What's New in Mac OS X 10.3 Panther
Disclaimer: although I am an Apple Certified Trainer by day, this guide is not endorsed by or affiliated with Apple in any way, nor is it indicative of future Apple Training courses. It is based entirely on my own personal experience and research. Any inaccuracies are my fault. Comments and corrections welcome at firstname.lastname@example.org.
Managing Users: the new Accounts pane
The Accounts pane of System Preferences is where you manage users, and it's gotten a serious overhaul in Mac OS X 10.3. Partly to make room for new functionality (like fast user switching and encrypted home directories), and partly to streamline the existing features of adding, editing, and deleting users.
Mac OS 9 had a Startup Items folder in the System Folder, which contains aliases of applications that ran immediately after the Finder came up. Mac OS X kept the concept but renamed it "Login Items", since the Finder doesn't get launched until after a user logs in. Mac OS X 10.3 keeps the concept but renames it "Startup Items" again.
You delete a user by selecting the user from the user list and clicking the little "-" sign at the bottom of the user list. When you delete a user, Mac OS X 10.2 saved the contents of their home directory to a disk image. Mac OS X 10.3 has an option to skip this step. Clicking "Delete immediately" in the delete configuration window will delete the user and delete the contents of their home directory. Clicking "OK" in the delete confirmation window will delete the user and save the contents of their home directory to a disk image and put it in
Standard users (who do not have administrative rights) are normally restricted to running applications and modifying files in their own home directory, but they can have additional limitations. In Mac OS X 10.2, this was called "Capabilities". The functionality is the same, only the interface has changed.
By selecting "Some Limits" in the Limitations tab, you can prevent the user from opening System Preferences at all (so they won't even have access to user-specific preference panes, like keyboard and mouse settings), prevent them from modifying their own dock, prevent them from changing their own password, and prevent them from burning CDs. You can also specify exactly which applications they are allowed to run. If they attempt to run applications other than the ones you specify, they will get an error message that they do not have sufficient access privileges to run the application.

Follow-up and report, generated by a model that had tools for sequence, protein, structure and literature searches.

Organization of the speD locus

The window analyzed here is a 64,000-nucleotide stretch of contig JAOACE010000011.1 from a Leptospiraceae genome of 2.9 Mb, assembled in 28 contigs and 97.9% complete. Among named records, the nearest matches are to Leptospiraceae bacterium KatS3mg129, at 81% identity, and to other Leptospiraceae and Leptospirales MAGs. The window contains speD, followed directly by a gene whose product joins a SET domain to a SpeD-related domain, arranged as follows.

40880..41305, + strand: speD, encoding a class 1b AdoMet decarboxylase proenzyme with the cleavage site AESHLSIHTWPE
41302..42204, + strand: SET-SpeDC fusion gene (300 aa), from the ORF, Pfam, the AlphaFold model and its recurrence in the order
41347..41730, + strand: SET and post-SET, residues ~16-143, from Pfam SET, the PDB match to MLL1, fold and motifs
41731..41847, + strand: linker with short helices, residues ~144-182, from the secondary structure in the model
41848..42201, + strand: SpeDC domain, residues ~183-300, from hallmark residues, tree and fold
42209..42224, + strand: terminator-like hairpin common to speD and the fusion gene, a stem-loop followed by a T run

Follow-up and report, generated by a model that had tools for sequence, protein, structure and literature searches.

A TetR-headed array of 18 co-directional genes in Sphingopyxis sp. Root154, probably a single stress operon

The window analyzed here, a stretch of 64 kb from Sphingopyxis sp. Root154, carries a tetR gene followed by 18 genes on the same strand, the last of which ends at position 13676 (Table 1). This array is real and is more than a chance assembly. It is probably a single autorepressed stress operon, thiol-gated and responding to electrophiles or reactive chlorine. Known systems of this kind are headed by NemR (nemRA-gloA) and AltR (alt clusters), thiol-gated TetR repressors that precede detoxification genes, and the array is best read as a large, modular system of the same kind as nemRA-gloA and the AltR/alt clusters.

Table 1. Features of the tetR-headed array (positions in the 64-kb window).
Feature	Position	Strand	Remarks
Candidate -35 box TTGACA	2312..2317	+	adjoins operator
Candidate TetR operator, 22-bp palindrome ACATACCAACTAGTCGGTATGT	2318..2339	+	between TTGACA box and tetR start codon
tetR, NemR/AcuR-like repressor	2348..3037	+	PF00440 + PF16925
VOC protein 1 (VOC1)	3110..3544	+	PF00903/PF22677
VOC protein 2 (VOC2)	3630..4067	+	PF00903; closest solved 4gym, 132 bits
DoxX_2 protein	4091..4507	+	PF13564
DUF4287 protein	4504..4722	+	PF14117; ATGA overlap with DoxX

Even more drastic than setting limits is setting Simple Finder, which gives the user a stripped down interface. They get an unconfigurable dock with aliases to their applications, their documents, and the Shared folder. You can further restrict the applications that appear in their applications folder.
In Simple Finder, the Applications folder simply contains aliases to the applications you have allowed them to run, with a pages interface instead of a scrollbar. This takes the place of the old At Ease Finder replacement from OS 9.
Also in the Accounts pane of System Preferences is the Login Options pane, which allows you to configure what the login window looks like, or indeed if any appears at all. By default when you first install Mac OS X, you configure the first administrative account during installation and the computer is set to auto-login as that user. If you have more than one user and want to see the login window, go to Login Options and deselect "Automatically log in as". You can also set the login window to display just username and password entry field, rather than a list of users with little pictures next to them.
The Login Options pane is also where you turn on fast user switching. Mac OS X 10.3 allows you to have more than one person logged in at one time. Mac OS X 10.2 allowed this in the sense that you could log in on the command line and switch users, or log in remotely via SSH while another user was logged in. But Mac OS X 10.3 allows multiple users to be running graphical applications simultaneously. Windows XP also has a similar feature.
Once you've turned on fast user switching in the Login Options pane of Accounts, a menu appears in the right-hand area of the main menu bar. The menu displays your username, and drops down to show a list of all users on this machine (that you've created in Accounts).
Selecting another user from the fast use switching menu prompts you for their password and then logs in as that user, while leaving your own applications running. Or you can go back to the login window and log in as any user. Users that are already logged in will show as "already logged in" in the login window.
If a user is already logged in, you will not be able to edit them in the Accounts pane of System Preferences. You will need to get that user to log out (or become root and kill their Window Manager process) in order to make changes to their account.